I will answer this in my capacity as spokesperson for the confused-yet-opinionated: quite deadly. Deadly enough for the chaos to be warranted. But people want a lot more detail than this. In particular, people are interested in whether covid has become less deadly. People love to speculate that the virus itself is different now, the people it is infecting are different, and/or infected people are receiving better medical care. We really don’t know any of this with any certainty. Asch et al tracked hospital death rates in those admitted with covid-19 in US hospitals based on a large insurance claims database (a broad sample although of course it won’t represent the totality of hospital admissions). Actually they gathered 30-day death rates coupled with rates of hospice referral. This makes rates more comparable across hospitals with different practices concerning timing and thresholds for hospice referral. The mean hospital-level risk-standardised rate of death or hospice referral was 11%. In other words, 1 in 10 people admitted to hospital with covid-19 die or are referred to a hospice. This was more likely in those over 85 and those who had been admitted from a nursing facility and those that had metastatic cancer. The good news is that they found a decrease in death rates between January and June 2020. They found that this decrease correlated with the hospital’s local community case rate. I can’t think of a plausible explanation for that. It is important to note that these data apply to people who got admitted to hospital with covid-19. If you really wanted to know the mortality rate you’d need the denominator to be all people infected with covid, not just those admitted, and not even just those who test positive because there are people with covid who haven’t been tested.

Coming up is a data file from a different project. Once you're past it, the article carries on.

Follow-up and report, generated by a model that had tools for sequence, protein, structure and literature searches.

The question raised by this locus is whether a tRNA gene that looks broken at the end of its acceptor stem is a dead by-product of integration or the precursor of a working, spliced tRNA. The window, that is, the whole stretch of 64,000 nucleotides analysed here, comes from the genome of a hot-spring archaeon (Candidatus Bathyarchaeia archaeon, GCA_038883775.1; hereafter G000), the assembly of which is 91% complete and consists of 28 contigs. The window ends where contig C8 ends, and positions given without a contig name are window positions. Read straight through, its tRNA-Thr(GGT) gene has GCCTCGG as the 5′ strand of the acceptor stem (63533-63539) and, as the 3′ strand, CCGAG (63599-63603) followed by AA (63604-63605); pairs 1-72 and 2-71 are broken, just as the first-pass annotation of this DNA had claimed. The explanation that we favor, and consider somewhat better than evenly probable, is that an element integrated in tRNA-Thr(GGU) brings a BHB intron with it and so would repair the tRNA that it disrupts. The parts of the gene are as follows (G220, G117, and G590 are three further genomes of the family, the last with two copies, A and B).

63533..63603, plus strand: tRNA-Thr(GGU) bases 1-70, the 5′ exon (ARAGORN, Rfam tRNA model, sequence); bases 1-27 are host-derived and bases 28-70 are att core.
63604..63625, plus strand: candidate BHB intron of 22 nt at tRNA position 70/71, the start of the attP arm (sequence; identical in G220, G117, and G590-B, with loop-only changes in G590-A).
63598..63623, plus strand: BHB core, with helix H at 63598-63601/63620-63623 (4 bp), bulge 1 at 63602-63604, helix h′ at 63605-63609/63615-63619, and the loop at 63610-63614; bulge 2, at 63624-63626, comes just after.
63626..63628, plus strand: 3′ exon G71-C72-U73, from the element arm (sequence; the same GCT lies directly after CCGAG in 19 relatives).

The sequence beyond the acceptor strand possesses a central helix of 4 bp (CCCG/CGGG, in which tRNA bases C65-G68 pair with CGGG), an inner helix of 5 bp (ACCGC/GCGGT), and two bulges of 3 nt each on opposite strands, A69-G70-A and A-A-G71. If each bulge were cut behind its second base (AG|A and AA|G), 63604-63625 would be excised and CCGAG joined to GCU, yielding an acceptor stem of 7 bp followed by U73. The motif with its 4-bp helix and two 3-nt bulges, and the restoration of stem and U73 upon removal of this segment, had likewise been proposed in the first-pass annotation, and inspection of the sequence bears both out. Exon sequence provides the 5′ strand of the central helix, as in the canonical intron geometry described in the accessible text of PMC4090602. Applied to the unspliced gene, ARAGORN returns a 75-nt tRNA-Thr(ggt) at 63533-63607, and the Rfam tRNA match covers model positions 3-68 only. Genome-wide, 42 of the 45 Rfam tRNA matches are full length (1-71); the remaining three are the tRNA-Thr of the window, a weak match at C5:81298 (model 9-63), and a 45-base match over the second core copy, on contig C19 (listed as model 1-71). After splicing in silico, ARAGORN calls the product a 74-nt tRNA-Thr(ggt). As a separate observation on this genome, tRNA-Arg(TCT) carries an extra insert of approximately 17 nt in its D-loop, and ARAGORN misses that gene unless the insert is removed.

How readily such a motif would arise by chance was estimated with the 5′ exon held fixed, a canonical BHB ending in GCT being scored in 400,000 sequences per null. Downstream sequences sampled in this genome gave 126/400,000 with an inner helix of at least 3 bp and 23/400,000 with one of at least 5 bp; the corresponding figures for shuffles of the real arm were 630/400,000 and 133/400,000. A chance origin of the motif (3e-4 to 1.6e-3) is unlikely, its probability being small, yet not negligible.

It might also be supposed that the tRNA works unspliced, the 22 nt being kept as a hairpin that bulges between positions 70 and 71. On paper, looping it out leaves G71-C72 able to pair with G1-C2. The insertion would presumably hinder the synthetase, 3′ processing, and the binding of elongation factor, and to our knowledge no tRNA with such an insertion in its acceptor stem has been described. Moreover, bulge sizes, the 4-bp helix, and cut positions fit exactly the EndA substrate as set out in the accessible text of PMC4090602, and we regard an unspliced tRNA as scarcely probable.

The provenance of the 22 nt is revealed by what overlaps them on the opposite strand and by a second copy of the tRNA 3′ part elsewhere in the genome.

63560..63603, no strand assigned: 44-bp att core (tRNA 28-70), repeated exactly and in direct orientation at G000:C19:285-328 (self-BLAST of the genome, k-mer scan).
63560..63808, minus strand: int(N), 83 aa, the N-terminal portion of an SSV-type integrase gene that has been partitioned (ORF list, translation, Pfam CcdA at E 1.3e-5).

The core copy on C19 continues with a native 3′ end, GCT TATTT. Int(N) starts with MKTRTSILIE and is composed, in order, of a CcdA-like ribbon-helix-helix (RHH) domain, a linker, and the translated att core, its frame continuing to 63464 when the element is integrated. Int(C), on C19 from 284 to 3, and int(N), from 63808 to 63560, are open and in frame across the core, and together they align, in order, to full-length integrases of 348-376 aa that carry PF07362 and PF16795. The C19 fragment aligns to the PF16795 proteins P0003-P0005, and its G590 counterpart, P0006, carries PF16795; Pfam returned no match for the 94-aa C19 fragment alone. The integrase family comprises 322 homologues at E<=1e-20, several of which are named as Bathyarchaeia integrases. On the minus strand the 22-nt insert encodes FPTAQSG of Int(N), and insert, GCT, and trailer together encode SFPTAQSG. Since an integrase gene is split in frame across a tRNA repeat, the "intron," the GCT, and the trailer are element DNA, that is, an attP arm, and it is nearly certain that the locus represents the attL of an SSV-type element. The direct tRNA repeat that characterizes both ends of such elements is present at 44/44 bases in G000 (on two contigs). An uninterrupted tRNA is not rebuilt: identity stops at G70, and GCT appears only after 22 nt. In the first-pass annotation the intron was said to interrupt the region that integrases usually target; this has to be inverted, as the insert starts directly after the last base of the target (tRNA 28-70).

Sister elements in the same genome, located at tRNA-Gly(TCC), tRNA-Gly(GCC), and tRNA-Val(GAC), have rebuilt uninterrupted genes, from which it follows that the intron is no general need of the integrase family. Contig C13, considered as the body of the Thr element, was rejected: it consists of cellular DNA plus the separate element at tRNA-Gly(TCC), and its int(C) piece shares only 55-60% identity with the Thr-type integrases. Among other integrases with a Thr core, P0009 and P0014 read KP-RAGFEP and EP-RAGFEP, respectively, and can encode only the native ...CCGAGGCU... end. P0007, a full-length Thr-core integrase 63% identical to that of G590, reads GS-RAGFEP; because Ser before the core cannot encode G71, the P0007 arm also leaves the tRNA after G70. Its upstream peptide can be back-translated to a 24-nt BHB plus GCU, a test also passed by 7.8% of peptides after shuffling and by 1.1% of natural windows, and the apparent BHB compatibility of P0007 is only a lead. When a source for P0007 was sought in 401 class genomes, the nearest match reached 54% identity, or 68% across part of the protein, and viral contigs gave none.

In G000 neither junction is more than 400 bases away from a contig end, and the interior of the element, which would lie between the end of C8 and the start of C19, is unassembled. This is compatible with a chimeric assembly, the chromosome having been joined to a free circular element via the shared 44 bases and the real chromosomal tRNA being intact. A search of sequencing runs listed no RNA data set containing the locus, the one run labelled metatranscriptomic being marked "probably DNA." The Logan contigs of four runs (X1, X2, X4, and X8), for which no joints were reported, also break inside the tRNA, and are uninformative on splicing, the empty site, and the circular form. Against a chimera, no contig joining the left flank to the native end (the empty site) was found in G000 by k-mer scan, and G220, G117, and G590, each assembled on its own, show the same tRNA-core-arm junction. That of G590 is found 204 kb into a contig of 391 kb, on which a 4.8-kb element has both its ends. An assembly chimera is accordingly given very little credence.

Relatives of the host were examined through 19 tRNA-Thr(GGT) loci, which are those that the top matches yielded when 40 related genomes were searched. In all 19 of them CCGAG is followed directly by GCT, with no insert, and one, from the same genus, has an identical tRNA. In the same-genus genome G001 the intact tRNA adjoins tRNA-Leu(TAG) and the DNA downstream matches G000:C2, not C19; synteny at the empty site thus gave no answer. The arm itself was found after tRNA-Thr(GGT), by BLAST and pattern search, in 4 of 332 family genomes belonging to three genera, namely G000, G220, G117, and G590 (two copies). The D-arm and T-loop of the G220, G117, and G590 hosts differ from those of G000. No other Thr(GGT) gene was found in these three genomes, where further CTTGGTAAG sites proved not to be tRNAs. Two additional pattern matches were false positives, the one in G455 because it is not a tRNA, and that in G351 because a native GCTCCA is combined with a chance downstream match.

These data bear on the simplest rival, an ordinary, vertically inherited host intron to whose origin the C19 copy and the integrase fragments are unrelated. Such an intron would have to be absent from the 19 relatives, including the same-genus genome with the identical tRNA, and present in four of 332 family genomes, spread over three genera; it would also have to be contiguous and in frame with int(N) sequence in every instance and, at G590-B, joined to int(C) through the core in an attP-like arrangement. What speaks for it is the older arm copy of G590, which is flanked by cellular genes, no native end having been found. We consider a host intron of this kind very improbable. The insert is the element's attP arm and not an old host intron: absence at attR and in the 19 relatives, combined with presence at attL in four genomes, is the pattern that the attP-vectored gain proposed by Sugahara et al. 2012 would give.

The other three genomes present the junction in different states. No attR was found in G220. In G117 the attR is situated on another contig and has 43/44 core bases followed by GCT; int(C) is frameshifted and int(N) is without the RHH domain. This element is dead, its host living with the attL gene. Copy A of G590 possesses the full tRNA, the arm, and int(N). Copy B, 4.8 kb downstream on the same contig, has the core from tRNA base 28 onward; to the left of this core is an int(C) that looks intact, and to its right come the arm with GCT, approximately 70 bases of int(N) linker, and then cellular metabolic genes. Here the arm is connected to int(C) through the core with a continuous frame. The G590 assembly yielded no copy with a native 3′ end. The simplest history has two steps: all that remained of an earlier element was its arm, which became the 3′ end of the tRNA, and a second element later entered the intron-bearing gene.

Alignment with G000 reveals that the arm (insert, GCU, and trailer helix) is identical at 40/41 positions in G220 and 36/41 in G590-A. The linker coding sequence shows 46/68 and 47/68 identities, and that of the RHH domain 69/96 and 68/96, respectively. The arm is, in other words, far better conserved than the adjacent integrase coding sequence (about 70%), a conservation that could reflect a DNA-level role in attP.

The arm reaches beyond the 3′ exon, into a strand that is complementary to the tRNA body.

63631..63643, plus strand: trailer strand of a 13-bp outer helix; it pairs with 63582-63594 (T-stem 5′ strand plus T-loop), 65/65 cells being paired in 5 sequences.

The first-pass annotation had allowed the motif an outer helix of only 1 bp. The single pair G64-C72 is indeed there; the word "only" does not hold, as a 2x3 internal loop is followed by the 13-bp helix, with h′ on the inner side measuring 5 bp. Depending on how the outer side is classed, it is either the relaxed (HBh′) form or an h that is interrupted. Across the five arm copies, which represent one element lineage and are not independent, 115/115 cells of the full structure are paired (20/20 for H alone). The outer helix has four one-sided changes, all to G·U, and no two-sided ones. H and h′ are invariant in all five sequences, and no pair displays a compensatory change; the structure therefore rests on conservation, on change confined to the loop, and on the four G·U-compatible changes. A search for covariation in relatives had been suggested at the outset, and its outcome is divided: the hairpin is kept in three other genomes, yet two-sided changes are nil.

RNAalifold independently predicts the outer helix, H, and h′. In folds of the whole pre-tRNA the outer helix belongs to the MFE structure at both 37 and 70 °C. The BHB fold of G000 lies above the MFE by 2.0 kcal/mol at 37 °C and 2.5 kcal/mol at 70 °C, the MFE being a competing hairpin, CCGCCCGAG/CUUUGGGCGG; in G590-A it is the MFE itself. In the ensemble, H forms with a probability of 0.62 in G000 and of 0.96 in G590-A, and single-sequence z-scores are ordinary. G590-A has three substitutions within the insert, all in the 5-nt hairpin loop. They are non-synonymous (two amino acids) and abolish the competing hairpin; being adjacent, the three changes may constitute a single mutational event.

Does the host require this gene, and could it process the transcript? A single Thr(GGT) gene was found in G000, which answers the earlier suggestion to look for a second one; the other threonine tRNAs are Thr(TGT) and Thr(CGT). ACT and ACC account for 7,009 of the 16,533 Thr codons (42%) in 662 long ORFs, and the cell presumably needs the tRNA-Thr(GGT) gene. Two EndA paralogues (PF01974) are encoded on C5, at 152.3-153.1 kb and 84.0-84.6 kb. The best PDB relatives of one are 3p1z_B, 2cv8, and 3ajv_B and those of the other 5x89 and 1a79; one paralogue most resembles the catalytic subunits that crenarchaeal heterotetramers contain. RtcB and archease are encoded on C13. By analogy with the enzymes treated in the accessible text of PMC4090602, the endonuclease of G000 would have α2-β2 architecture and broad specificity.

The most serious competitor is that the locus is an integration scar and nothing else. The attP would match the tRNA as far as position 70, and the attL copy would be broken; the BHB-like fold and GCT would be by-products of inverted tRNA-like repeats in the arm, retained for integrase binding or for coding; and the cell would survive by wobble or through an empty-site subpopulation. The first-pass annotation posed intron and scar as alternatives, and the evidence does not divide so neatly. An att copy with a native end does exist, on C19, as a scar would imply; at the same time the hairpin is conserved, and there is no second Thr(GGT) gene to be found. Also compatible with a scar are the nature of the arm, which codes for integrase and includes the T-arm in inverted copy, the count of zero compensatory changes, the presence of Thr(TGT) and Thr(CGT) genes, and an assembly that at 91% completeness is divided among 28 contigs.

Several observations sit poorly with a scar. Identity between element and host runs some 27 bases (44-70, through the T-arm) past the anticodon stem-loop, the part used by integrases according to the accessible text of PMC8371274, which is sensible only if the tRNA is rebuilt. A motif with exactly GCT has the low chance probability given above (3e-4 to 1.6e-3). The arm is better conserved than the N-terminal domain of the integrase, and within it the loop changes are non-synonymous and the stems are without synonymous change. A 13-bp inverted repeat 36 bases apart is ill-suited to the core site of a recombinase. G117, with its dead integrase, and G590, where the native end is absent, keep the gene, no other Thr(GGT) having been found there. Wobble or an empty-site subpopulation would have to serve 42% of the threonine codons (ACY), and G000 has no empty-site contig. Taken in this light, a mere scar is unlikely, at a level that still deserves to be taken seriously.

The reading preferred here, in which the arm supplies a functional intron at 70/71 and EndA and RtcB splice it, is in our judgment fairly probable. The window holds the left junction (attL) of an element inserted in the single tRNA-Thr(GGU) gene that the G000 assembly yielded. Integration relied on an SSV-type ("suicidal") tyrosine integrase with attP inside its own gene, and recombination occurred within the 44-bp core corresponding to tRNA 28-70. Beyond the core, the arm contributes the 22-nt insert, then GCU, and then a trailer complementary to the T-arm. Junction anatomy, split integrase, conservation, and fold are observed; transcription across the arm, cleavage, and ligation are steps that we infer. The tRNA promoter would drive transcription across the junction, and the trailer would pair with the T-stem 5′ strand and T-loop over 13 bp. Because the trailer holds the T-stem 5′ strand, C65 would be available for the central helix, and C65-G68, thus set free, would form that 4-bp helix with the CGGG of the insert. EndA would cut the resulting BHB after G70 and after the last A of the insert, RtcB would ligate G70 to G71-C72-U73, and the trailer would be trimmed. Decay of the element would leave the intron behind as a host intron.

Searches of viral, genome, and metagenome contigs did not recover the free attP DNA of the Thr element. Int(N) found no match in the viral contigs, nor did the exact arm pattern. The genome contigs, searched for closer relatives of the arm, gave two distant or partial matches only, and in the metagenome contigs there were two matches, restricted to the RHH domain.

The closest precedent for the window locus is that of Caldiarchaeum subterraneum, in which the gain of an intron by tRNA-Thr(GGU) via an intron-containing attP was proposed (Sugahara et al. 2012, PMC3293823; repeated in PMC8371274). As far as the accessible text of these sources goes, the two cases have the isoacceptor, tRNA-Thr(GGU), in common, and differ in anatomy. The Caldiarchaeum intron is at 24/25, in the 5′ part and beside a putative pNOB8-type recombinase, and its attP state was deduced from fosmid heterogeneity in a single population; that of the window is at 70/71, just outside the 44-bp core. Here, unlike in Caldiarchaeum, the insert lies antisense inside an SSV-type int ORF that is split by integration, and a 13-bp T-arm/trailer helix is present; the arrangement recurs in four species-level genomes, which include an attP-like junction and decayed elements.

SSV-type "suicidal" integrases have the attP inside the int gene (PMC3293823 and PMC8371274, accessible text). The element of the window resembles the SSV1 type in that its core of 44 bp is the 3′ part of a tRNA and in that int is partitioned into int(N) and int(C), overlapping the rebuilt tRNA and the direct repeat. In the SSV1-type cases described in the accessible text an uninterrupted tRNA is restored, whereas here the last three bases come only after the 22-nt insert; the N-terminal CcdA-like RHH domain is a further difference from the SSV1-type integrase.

Another flop for monoclonal antibody for covid
It was the stuff PR dreams are made of. A drug derived from the serum of a covid-19 survivor, Bamlanivimab (also known as LY-CoV555) looked to improve clinical outcomes. I’m sure the name was derived in some clever way too, but to me it sounds like something out of the Flinstones. Anyway, it made no difference to outcomes of people hospitalised with covid-19 based on an ordinal outcomes scale in a randomised placebo-controlled trial.
A little piece of the covid reinfection puzzle
You will often read me denigrating observational research but it does have an important place in epidemiological research. For example it is how we estimate disease prevalence and incidence. Lumley et al’s cohort study of over 12,000 UK healthcare workers addresses an incidence question but also an immunological one. The question was what are the re-infection rates in seropositive healthcare workers compared to healthcare workers without antibodies. In other words, does seropositivity (having positive anti-spike antibodies) provide protection against re-infection? In short, this study suggests it does. The rate of PCR-positive infection was 0.13 per 10,000 days at risk in people who were seropositive (and these infections were asymptomatic) compared to 1.09 infections per 10,000 days at risk in those who were seronegative (and more than half of these infections were symptomatic). The appearance of protection against re-infection is good news but whether this is mediated by the presences of antibodies isn’t clear. There is potential for confounding by behavioural differences between those with and without antibodies. Also, the participants were all working-age adults.
Alex Nowbar is a clinical research fellow at Imperial College London